In 1704, in order to bring the interior decoration of the Liechtenstein summer palace to its long-delayed completion, Prince Johann Adam Andreas I von Liechtenstein (16571712) engaged Andrea Pozzo (16421709) to decorate the Great Hall, following several failed attempts by Marcantonio Franceschini (16481729) and Antonio Bellucci (16541726). A native of Trento who had achieved fame in Rome, Pozzo originally came to Vienna in 1702 to paint the church of St Peter in the centre of Vienna. As its dome had not been completed, he was commissioned to paint the nave of the Jesuit church in 1703, and in 1704 was engaged by Prince Johann Adam Andreas I to decorate the Great Hall in his summer palace.
Pozzo approached the project with a large-scale vision, altering the architectural concept of the hall: simplifying the monumental order of columns drawn by Domenico Egidio Rossi (16591715) in longitudinal section in the first design for the palace, he extended the smooth red stucco-clad half columns downwards to below the now continuous main cornice. The fine stucco decoration by Santino Bussi (16641736) that had already been partially completed when he embarked on his commission was removed, indicating the degree of trust placed in the great Roman virtuoso by his patron right from the start of the project.
Both of the halls longer walls were originally identical and had five openings above and below. On the inner wall these led on the lower level into the Great Gallery, and on the upper floor into the mezzanine (2nd floor), thus illuminating the hall and in particular the ceiling fresco from a second side. In the fields between the lower door openings and the windows above them Pozzo added frescoes with putti together with the family coat of arms above the central axis on the gallery side in 1709. For the shorter sides Pozzo supplied six transverse rectangular oil paintings, the dimensions and subjects of which are documented in preserved accounts of the time: a St Augustine, a St Gregory, a St Jerome and a St Sebastian together with The Testing and The Mocking of Noah were still among the paintings on display at the palace in 1873.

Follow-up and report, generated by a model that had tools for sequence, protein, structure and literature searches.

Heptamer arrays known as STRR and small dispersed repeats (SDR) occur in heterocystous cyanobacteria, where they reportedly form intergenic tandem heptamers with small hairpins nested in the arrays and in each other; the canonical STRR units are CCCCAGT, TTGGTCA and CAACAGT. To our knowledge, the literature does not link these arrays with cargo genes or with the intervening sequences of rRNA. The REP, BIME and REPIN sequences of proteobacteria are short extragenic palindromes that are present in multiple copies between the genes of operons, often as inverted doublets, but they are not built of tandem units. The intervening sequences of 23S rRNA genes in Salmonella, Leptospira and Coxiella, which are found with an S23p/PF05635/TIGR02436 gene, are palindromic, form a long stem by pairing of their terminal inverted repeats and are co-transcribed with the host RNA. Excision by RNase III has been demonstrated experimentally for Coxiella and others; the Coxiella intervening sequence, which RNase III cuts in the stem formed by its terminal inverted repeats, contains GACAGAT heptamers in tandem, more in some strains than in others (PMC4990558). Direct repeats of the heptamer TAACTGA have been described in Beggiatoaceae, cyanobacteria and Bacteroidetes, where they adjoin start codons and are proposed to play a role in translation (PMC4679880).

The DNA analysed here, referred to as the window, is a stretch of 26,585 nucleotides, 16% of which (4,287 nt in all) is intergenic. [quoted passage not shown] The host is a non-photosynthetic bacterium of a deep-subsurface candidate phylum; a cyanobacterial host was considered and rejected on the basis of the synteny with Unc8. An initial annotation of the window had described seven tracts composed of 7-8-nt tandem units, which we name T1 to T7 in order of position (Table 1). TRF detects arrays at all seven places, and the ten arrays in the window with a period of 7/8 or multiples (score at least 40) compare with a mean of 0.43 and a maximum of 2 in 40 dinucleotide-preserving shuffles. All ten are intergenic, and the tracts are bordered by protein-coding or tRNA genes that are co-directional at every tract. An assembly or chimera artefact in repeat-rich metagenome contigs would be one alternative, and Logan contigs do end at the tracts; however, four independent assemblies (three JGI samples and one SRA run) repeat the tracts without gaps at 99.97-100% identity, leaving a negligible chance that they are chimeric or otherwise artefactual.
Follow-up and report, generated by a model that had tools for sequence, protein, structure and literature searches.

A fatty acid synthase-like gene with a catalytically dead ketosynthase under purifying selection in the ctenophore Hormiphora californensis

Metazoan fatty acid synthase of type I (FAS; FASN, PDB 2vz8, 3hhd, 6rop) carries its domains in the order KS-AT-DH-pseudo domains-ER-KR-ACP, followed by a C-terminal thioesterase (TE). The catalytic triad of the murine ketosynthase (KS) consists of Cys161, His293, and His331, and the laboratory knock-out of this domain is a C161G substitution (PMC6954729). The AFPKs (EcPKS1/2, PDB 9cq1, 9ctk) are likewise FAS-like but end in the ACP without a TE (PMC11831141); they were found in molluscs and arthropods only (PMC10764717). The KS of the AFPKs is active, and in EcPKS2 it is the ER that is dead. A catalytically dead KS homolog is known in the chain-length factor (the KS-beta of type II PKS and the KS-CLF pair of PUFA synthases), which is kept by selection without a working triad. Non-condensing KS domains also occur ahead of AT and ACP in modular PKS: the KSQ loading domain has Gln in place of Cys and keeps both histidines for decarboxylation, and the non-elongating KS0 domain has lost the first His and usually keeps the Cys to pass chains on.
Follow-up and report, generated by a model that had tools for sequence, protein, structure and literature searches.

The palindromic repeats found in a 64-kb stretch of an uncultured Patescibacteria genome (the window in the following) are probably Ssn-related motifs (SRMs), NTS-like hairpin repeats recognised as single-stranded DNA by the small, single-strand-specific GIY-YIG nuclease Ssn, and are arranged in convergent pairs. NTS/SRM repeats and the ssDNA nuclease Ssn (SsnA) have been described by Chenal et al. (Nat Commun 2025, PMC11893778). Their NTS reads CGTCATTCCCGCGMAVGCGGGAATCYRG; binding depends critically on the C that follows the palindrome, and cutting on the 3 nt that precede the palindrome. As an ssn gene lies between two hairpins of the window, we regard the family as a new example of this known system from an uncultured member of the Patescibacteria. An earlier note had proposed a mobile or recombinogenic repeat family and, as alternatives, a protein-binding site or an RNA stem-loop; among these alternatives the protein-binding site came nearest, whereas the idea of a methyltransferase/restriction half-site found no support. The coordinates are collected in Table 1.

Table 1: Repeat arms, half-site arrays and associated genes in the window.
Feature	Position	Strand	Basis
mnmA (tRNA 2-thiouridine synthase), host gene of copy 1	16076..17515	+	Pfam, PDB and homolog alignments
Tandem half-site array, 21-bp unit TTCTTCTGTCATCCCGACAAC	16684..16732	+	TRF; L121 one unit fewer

While both the portals and the fireplace surrounds of Untersberg marble seem to originate from the time when the palace was first built, the coats of arms and putti above the fireplaces date from the early 20th century. An impression of their original appearance may be gained from a modello in bronzed plaster by Giovanni Giuliani (16631744) held in the collections at Heiligenkreuz Abbey which was long thought to be a sopraporta. Representing Hercules on his funeral pyre, it displays affinities with Pozzos depiction in the ceiling fresco.